The shortlist interview is one of the most complex and critical elements in the selection process for architecture, engineering, and construction services. Among a group of highly qualified competitors, you must show the owners and users that your firm is best suited to complete their project and work with them.
You may have a group of staff typically involved in preparation for these interviews. Still, we have some surprising suggestions for updating your interview process and habits to create a firm-wide, all-in mentality. Here are four ideas that will allow everyone in the firm to prepare teams for project interviews.
Hold a firm-wide elevator speech training. The term “interview” can mean more than just a project presentation. As the front office administrative staff answers the phone or greets clients, consultants, or vendors, they represent the firm in a crucial image-building way. Consider training all of your staff with an elevator speech training session. This firm-wide training teaches everyone in the company how to articulate and “present” firm services, target markets, team member qualifications, and your company’s competitive advantage to everyone they meet. An effective pitch is a concise, carefully planned, and well-practiced description of your company that your mother should be able to understand in the time it would take to ride up an elevator (30–60 seconds).
Brainstorm the Q&A. Involve everyone in a brainstorming session to develop a master list of potential questions. Having a variety of perspectives and insights from your colleagues can be eye-opening. Anything you don’t want to be asked … will be. Keep this list of questions as boilerplate and pull it out when it’s time for interview rehearsals. Don’t just brainstorm the questions you might hear—create a list of questions you can pose to the selection team if you feel the conversation slacking.
Develop impromptu public speaking skills. Improvisation is an excellent way for your entire staff to get comfortable with public speaking, especially thinking on their feet. Hold a training session that can be as enjoyable as it is beneficial.
Have everyone in the group write a topic such as:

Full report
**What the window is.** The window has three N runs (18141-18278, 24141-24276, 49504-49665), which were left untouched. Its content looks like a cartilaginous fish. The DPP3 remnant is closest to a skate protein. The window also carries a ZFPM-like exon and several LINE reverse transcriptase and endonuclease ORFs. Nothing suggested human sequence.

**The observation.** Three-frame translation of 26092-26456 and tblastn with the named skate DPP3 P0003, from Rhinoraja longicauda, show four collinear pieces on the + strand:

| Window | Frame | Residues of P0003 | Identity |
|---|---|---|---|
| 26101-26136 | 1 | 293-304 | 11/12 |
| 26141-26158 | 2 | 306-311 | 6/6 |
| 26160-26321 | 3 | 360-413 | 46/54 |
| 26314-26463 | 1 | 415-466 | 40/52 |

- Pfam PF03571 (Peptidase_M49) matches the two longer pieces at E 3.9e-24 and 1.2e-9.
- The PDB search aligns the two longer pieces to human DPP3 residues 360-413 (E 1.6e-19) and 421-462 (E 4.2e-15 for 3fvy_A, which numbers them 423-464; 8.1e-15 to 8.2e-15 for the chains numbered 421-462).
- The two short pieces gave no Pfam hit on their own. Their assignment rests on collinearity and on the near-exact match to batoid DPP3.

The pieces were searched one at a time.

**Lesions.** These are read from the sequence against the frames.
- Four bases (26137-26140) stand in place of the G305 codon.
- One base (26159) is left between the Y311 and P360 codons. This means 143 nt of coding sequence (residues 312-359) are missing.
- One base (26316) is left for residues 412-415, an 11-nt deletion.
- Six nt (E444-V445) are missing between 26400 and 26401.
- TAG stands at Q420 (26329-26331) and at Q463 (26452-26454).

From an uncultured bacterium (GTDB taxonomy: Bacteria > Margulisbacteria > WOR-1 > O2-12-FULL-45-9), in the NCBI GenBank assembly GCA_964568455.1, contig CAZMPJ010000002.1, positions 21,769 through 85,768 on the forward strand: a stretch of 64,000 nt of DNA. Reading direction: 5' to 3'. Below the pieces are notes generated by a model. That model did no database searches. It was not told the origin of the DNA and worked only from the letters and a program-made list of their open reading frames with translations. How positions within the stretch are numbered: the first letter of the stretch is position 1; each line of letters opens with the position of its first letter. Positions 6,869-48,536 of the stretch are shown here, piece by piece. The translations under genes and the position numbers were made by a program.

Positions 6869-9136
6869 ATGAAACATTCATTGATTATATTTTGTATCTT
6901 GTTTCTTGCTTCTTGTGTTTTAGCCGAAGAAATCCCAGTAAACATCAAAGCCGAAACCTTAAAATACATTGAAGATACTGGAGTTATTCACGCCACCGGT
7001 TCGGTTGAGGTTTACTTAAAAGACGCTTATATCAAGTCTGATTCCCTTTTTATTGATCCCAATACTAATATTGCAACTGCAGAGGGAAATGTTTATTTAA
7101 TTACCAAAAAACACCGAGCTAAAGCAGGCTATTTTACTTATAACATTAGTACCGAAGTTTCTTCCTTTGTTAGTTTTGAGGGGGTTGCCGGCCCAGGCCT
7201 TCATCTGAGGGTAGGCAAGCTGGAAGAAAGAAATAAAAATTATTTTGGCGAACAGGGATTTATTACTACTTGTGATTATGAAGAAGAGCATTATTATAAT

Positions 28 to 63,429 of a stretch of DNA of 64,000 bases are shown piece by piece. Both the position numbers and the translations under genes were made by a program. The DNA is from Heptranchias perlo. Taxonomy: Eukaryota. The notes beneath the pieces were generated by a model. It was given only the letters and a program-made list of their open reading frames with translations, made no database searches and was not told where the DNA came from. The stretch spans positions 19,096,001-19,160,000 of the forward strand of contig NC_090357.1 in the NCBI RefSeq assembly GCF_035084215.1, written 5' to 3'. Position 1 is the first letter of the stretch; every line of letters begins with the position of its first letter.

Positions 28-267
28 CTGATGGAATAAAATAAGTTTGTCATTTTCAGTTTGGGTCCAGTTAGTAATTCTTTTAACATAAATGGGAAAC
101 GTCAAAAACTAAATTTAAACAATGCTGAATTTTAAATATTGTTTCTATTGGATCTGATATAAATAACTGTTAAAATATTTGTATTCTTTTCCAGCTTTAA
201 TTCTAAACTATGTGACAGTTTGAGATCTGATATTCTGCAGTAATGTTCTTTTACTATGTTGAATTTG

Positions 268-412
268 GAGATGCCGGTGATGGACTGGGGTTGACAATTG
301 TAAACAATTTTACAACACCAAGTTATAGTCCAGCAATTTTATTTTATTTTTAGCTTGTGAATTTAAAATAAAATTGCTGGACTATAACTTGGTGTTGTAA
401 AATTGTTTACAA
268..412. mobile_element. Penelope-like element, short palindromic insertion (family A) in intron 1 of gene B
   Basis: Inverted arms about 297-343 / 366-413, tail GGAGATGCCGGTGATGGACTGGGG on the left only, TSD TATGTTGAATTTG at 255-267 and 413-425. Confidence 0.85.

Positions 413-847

- Describe your last vacation
- Explain why you chose your profession
- Describe your favorite characteristics of your mother-in-law
- What was your best college experience
- Tell the story of your most embarrassing moment
Put the topics in a jar and have each person draw and immediately go to the front of the room to speak for three minutes on their topic using proper public speaking techniques and organization. Continue so everyone has a turn. Hold these sessions quarterly so everyone can stay sharp and be able to think on their feet. Make it fun!
Organize a videotape/peer review. Everyone can benefit from seeing and hearing themselves speak via video. Even the most seasoned management staff can use every opportunity to perfect their skills. Ideas for the organization of this activity include:
- Break technical staff into groups of 3-4 depending on staff size.
- Give the group a proposal/RFP from a previous pursuit. Or, have the group use presentation materials that you have from an earlier interview.
- Each group must put together/re-create the interview using 5 -7 minutes of speaking time.
- Videotape each presentation.
- Once completed, watch the presentations back and have the entire group (include as many from the firm as possible) give constructive feedback.
Winning a project is one of the best tools to boost camaraderie and confidence in your company. Engaging everyone interested in preparing for this final step in closing the deal is a sure way to create an all-in marketing mentality. Try it!